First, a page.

Ahead of Sankranti, HSI urges citizens to report cockfighting events

Ahead of Sankranti festival, Humane Society International (HSI) India, an animal protection organisation, has urged citizens to report cockfighting.

Cockfighting is widely prevalent in Andhra Pradesh, Telangana, and Tamil Nadu during Sankranti despite the ban and warnings by police.

Crores change hands as people bet big on the cockfights, which were banned in 2018 on the orders of the Supreme Court.

In cockfights, two roosters, often fitted with razor-sharp curved blades on their spurs, are forced to fight each other to death. The fight ends with either one or both the roosters dying.

The winning rooster inevitably dies from grievous injuries sustained during the fight, the HSI said.

HSI-India’s Managing Director, Alokparna Sengupta said, “Engaging in cockfighting not only inflicts immense suffering on animals, it exploits people too. HSI-India urges every individual to dissuade others from indulging in this inhuman and unlawful activity and promptly inform the nearest police station of any cockfights being organised or conducted. This festive season, as we celebrate our harvest, let us prioritise compassion.”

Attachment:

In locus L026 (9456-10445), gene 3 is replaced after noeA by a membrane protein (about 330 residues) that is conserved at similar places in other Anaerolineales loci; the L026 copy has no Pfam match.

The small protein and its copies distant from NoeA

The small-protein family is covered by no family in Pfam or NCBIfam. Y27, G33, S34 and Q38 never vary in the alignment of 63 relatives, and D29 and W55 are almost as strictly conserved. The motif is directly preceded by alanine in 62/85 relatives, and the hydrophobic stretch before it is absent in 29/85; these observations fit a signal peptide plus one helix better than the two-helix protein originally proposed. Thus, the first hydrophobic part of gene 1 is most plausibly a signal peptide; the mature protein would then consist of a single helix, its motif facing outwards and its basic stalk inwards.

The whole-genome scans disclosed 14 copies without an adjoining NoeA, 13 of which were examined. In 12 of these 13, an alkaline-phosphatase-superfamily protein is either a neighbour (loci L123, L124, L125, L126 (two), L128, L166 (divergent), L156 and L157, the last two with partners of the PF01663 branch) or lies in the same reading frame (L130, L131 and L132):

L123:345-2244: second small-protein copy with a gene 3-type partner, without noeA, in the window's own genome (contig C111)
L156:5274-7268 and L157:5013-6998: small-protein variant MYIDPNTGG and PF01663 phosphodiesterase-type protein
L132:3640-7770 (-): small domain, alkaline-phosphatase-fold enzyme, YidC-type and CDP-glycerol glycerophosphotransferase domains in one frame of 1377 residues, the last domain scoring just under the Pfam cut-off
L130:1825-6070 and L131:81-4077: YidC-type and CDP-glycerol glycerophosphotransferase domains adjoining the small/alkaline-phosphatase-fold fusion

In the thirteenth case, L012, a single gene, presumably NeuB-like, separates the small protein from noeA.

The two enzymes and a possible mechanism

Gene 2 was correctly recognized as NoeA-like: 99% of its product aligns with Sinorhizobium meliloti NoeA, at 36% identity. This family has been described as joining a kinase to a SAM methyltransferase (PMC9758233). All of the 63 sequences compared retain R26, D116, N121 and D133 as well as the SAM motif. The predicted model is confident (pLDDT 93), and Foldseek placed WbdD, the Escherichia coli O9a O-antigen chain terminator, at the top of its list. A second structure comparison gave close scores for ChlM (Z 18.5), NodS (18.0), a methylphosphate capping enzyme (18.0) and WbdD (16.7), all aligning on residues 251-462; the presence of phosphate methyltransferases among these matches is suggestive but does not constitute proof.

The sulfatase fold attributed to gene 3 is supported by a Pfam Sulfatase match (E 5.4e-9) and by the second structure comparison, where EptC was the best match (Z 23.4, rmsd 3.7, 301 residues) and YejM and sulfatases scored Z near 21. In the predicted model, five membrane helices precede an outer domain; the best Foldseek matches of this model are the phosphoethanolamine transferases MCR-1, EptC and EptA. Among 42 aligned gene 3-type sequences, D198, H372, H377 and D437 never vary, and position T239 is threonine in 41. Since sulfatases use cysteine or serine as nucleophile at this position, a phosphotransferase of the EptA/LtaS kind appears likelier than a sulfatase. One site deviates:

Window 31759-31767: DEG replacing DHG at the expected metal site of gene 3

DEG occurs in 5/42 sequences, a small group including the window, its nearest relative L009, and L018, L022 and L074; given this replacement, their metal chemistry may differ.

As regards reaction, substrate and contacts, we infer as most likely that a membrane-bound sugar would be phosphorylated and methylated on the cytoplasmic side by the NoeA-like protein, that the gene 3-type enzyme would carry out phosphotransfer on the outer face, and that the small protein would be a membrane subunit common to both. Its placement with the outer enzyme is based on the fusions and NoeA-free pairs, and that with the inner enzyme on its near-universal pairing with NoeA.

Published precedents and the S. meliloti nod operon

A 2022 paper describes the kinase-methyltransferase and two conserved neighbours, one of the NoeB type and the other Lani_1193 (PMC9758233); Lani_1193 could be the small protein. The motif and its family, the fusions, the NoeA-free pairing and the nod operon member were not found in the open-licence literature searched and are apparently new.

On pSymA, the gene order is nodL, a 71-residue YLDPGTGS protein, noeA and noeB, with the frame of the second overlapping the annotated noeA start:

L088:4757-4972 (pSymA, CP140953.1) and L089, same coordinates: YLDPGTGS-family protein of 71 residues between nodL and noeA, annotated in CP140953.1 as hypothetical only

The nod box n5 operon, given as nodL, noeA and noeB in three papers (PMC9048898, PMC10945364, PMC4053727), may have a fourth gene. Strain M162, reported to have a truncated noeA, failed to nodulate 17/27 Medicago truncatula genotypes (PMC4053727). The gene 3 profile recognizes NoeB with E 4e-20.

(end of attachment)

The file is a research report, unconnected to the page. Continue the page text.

Large audiences attend cockfighting events where bets ranging from a few thousand to crores of rupees are placed. Organizers set up large arenas on open plots, sometimes in grounds of schools, to accommodate fight-rings and viewing seats.

The Prevention of Cruelty to Animals Act, 1960 under Sections 11(1)(m)(ii) makes it an offence to incite animal fights. Organising, keeping, using, or acting in the management of any place for animal fighting or permitting or offering any place to be used for such a purpose is a cognizable offense under Section 11(1)(n) of the Act.

In addition to the cruelty inflicted on these birds, cockfighting events are intrinsically linked with gambling, and the arenas also serve as a focal point for various other illegal activities such as gambling and the sale of illicit liquor.

Cockfighting events use child labour and expose them to extreme violence against animals. The children are often made to deliver liquor from stalls at the animal fighting arenas.

“They are also made to defeather and butcher the dead/dying birds. Such activities have profound implications on their physical and mental well-being.

“It is also extremely dangerous for humans who are present at such illegal events. Last year, at two different places, two people succumbed to wounds caused by knives tied on the roosters. Several people are injured in the crowded arenas and fights that break out over the bets,” the organisation said.

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